Nasa to unveil region-specific manifesto

Sunday June 18 2017

Nasa leaders address a rally at Mikinduri market in Tigania East on June 17, 2017.  PHOTO | PHOEBE OKALL | NATION MEDIA GROUP

Nasa leaders address a rally at Mikinduri market in Tigania East on June 17, 2017. PHOTO | PHOEBE OKALL | NATION MEDIA GROUP 

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Nasais set to unveil its campaign manifesto containing region-specific programmes on Monday ahead of the August 8 polls.

The manifesto is tailored to address the needs of every corner of the country in a bid to appeal to all Kenyans.

Unlike the 2013 Cord manifesto that was based on a 10-point action plan, Nasa’s region-specific promises have been collapsed into seven pillars addressing national reconciliation and healing, resolving historical injustices including implementing the Truth Justice and Reconciliation Commission (TJRC) report, realising equality of women, youth and persons with disabilities, strengthening devolution, transforming government by implementing servant leadership, realising social and economic rights as enshrined in Article 43 of the Constitution, and eradicating poverty and unemployment.  


In its 2013 manifesto, Cord had sought to create jobs, address food and national security, form a people-led government, eradicate poverty and reduce the high cost of living, guarantee social equality, put in place infrastructure and address land reforms, quality education, health care and national cohesion.

The Nation has learnt that the Nasa manifesto – to be launched at the Racecourse Grounds in Nairobi on Monday – heavily borrows from the Okoa Kenya proposal by which the opposition wanted to amend the Constitution.

“The manifesto is very strong on 45 per cent of resources being devolved to the counties and is also very strong on agriculture and food security.

It borrows a lot from the Okoa Kenya manifesto.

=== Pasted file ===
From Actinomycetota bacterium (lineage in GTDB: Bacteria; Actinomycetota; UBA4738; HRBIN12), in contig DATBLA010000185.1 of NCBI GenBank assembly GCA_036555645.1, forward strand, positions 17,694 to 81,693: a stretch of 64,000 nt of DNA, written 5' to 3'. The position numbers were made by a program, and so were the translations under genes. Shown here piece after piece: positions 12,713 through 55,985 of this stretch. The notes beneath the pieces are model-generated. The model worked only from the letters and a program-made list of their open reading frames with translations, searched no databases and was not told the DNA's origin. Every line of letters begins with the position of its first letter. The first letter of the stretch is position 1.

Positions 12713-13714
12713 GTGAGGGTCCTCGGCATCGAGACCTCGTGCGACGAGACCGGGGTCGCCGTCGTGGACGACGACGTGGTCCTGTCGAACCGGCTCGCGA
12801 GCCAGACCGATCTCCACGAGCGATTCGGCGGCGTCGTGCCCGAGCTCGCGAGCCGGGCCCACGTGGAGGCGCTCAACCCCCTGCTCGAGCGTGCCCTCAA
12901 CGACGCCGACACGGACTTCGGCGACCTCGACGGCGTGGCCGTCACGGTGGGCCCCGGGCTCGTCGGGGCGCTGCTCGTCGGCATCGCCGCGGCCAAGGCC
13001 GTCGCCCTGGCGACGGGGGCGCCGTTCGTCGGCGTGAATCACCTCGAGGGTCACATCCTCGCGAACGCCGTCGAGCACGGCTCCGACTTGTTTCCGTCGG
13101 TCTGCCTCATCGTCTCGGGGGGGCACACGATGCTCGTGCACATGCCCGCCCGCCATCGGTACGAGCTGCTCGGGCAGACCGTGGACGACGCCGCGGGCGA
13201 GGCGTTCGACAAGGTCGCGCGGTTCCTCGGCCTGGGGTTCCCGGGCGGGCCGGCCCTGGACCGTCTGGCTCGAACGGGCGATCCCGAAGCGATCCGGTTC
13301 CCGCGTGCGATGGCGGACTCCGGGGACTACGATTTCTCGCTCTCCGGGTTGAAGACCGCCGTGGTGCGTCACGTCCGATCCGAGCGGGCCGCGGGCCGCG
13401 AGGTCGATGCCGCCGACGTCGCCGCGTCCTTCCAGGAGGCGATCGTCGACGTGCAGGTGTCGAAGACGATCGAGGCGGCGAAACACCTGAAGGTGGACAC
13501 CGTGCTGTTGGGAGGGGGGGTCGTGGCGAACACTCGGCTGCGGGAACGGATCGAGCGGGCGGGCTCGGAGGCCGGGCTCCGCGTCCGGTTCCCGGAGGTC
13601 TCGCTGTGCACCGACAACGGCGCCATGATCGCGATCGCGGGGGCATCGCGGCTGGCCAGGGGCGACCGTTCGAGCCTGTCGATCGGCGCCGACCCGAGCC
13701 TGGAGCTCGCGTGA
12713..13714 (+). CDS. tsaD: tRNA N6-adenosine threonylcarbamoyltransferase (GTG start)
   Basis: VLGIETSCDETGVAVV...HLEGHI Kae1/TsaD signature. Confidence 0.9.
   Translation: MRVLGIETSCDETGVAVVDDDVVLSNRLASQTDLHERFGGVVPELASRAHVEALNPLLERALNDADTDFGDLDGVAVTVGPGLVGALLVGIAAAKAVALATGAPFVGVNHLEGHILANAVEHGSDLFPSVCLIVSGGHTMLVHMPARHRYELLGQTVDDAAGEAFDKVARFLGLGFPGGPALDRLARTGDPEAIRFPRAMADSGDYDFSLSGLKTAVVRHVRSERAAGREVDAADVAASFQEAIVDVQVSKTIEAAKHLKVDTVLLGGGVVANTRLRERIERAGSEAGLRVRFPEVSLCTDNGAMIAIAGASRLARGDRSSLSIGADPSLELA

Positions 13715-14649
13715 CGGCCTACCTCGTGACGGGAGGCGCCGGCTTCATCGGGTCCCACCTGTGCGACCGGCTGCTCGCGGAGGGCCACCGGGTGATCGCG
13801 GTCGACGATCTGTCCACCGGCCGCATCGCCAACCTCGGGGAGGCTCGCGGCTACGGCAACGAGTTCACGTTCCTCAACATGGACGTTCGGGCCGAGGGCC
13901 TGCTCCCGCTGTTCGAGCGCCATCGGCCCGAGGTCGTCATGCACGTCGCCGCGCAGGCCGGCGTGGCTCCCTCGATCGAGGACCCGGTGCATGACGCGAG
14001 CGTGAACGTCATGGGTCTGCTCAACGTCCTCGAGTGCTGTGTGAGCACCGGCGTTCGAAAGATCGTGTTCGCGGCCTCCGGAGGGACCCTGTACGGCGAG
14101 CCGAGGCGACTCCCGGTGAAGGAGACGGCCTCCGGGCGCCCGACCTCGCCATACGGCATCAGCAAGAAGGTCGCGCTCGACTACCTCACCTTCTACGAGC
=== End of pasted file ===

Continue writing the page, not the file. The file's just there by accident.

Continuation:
For instance, it states that governors or county governments for that matter must have a say in security matters within their counties,” said Mr Paul Mwangi, the director of legal affairs in the Raila Odinga Presidential Campaign Secretariat.


The Okoa Kenya proposal failed to proceed to the national referendum after failing to meet the required threshold of one million signatures according to Independent Electoral and Boundaries Commission (IEBC). But the opposition then accused IEBC of working in cahoots with the government to sabotage the process.

Under the Okoa Kenya Bill, the coalition promised to raise from 15 per cent to 45 per cent the revenue allocation to the counties by the national government.

The manifesto also has the input of each of the five Nasa affiliate parties among them ODM, Amani National Congress (ANC), Chama cha Mashinani, Wiper Democratic Movement and Ford Kenya.    

With just 50 days to the General Election, Nasa hopes to rally the electorate behind it using the pledges that are specific to the needs of each region.


Guided by the seven pillars and a resolve to address the unique needs of the counties Nasa, for instance, will be promising residents of arid and semi-arid regions a Pastoralist Livelihoods Protection Marshall Plan (PALIPMAP).

The plan promises to establish permanent storage facilities for hay, fodder, and supplements as part of drought mitigation; development of sources and watering infrastructure; animal processing facilities and access to international market for livestock and livestock products.

The plan also proposes the establishment of leather processing facilities for local and export markets, development of tourism facilities including filming sites, desert safaris and eco-tourism “to make youth transit from militia activities related to cattle rustling to becoming owners of tourism services facilities”, establishment of small-scale and large-scale irrigation projects to provide animal feed and water; and effective livestock disease control mechanism including creation of disease-free zones.